that the fires did not “escape” within the meaning of
Although the fires did spread beyond the burn
area into the cutblock, they did not spread into the
surrounding timber or grass land, and there was no
damage to the environment, public property, private
property or other values protected by the legislation.
The majority also held that the fires were not
“out of control” within the meaning of section 22(4).
In the context of the
Regulation, “out of control” means beyond the capacity of the people
or equipment required to be present, or the site
conditions, to prevent further spread of the fire into
forest land or other values that are protected by the
The requirements in section 22(4) to take fire control
action and report a fire are triggered when a fire is
beyond the burn area and is out of control, and in this
case those requirements were not triggered because the
fire was not out of control.
Since the fire did not “escape” and was not “out
of control”, there were no contraventions of sections
22(3) or 22(4) of the
Accordingly, the majority of the Commission concluded
that the contraventions and penalties should be
Therefore, the majority did not need to consider the
The minority of the Commission would have confirmed the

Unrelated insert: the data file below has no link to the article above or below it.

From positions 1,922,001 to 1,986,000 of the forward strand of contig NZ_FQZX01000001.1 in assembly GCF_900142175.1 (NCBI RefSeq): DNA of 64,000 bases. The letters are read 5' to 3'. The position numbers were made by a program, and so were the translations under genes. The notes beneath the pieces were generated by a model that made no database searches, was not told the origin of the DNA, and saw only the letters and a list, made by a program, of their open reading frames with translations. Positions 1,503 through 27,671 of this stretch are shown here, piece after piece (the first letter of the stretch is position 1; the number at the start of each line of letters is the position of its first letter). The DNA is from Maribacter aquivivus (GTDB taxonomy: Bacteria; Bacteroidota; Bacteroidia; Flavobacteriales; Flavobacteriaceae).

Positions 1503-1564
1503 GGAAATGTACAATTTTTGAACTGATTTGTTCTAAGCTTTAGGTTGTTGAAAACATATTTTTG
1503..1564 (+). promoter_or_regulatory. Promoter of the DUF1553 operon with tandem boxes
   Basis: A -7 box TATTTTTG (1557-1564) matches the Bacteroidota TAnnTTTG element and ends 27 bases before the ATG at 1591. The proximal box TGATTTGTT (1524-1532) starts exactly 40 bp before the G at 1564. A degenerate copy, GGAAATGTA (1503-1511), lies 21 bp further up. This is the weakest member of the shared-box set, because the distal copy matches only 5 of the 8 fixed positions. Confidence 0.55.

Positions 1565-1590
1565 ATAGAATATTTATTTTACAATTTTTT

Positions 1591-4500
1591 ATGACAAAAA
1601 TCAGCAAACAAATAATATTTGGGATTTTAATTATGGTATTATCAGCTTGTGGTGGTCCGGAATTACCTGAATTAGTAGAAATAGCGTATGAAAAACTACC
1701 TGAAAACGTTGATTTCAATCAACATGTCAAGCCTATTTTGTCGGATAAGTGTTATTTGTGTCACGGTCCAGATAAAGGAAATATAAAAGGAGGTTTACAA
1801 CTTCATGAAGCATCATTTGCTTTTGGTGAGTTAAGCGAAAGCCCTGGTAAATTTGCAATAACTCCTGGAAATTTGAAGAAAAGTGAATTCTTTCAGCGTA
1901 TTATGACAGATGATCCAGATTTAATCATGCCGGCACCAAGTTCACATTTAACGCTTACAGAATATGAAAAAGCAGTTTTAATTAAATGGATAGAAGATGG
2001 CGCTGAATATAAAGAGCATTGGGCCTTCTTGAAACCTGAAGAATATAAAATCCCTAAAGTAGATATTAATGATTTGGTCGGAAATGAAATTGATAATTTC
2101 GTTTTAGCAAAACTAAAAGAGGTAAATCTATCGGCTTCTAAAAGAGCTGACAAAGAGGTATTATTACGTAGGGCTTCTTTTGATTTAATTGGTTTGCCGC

orders and the penalties.
The minority found that an “escape” occurs when a
fire is no longer contained in the burn area that is
bounded by a fuel break.
In this case, the fires spread beyond the fuel
break, and although the consequences were mainly
detrimental to LP’s interests, in that it had to replant
the burned seedlings, there was a contravention of
section 22(3) and enforcement action was appropriate.
The minority also held that section 22(4) was
contravened, because spreading beyond the burn area
constitutes being “out of control”, and LP did not take
action to contain, extinguish or limit the spread of the
fire, or report it as soon as practicable.
The minority also held that LP failed to
establish the defence of due diligence, and that the
penalties were appropriate in the circumstances.
In accordance with the majority’s decision, the appeal